In this golden age of the viewport I am amazed by the lack of care given to typesetting. Every day we see badly spaced type left unfinished. To be fair, some designers are stuck when faced with something like a bad letter pair. Maybe they can’t edit a font or don’t know how to code. I do fear though that such mishaps often go unnoticed. In my experience, laypeople know when typesetting isn’t right but they never think of it as something that can be fixed. They just suffer through it and call it good. But dearest graphic designers — our brothers and sisters who pride themselves on having the most undying typographic loyalty — who bandy about all the usual terms like kerning, tracking, whitespace, but never actually apply any of it … let’s work together to fix this!
The tools are there. The knowhow, should be there. By all accounts though, typographic consideration for the screen is still pretty low.
Following are some little fixes for what I consider major oversights. I file these under what most designers say they care about deeply, but never actually do anything about in practice.
[Of course it doesn’t help that we usually have programmers doing typesetting these days but that’s an altogether separate topic.]
Cramped Capital Strings
For body text and small titles, adding space to strings of capitals makes them more readable. I rarely see this done. And that’s a shame because it can really improve the reading experience when done right. Cap strings on their own are disruptive to the reading line. This is because they’re read more as individual letters than words. As we run across them, reading slows for each letter. Adding space makes them more readable. And in the absence of smallcaps – or as another option to smallcaps – slightly reducing their size can make them more agreeable on the line.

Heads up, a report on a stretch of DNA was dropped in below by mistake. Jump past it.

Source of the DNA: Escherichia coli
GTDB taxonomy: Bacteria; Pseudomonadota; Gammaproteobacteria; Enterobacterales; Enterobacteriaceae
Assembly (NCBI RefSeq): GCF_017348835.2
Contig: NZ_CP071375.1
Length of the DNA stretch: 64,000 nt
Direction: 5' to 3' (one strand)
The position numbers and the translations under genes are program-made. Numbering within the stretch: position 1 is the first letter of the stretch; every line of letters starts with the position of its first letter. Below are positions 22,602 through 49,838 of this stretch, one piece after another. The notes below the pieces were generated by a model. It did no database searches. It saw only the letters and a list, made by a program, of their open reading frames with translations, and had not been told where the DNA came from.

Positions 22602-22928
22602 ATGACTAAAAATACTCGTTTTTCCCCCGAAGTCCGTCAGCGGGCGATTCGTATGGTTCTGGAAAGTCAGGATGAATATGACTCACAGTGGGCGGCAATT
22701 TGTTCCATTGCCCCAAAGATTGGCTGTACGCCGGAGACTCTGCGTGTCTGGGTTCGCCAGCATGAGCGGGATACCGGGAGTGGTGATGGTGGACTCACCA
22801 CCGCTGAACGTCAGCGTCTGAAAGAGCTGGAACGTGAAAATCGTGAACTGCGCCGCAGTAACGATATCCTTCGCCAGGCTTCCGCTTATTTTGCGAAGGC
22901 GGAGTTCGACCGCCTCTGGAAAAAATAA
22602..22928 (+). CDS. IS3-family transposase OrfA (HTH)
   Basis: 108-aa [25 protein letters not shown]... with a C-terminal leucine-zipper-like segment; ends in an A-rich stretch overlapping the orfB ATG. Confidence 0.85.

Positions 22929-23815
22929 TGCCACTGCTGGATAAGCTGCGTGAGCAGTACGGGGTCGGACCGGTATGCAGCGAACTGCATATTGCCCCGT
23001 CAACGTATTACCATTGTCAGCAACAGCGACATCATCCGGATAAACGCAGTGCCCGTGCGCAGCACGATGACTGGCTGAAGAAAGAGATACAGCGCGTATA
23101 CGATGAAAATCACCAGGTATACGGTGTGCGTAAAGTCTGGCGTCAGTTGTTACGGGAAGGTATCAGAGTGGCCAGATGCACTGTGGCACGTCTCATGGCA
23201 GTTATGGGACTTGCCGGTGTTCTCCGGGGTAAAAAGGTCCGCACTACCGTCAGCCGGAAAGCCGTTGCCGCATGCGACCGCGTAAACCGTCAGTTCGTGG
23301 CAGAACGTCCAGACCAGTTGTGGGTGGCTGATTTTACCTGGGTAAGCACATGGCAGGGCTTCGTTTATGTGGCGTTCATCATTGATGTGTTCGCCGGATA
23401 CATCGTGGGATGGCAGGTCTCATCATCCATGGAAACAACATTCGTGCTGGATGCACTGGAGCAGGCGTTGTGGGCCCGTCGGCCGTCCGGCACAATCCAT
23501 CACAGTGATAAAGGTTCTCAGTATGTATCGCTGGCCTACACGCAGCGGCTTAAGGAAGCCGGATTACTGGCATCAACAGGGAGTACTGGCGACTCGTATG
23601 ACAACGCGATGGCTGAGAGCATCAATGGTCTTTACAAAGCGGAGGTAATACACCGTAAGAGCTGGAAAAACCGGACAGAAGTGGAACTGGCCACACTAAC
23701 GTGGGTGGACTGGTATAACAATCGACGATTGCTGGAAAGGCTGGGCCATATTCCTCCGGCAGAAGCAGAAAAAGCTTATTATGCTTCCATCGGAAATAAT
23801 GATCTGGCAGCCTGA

Bad Letter Pairs
No font is perfect and most fonts have spacing issues. It really can’t be helped since there are literally thousands of possible letter pairs. Always look out for the un-kerned, they’re everywhere. The best place to adjust these are in the font, but if you can’t do that, you’ll have to fix them in the page. Of course letter pairs across styles (italic/roman) can’t be kerned across two separate fonts so those too have to be adjusted manually in the page. Look for collisions common with italics against roman closing punctuation.
No one does this. Maybe for a static title here and there, but not much past that. These sorts of spacing issues are often just accepted. But if you can see them, why allow such obvious errors go unfinished?
Illegible Tiny Text
Super small text (<10px) needs added letter spacing throughout, especially when reversed light on dark. Slightly spaced text makes it appear larger and less cramped without noticeably changing its structure. Also legibility is made worse when small type is set light on dark because reversed text always appears more bold, and in this case more cramped.
The Goudy quote “Anyone who would letterspace blackletter would fuck sheep.” is an oversimplification at best. Even blackletter needs letterspacing at tiny sizes. So, we should hope that even the great Goudy fancied sheep every once in a while. 🐑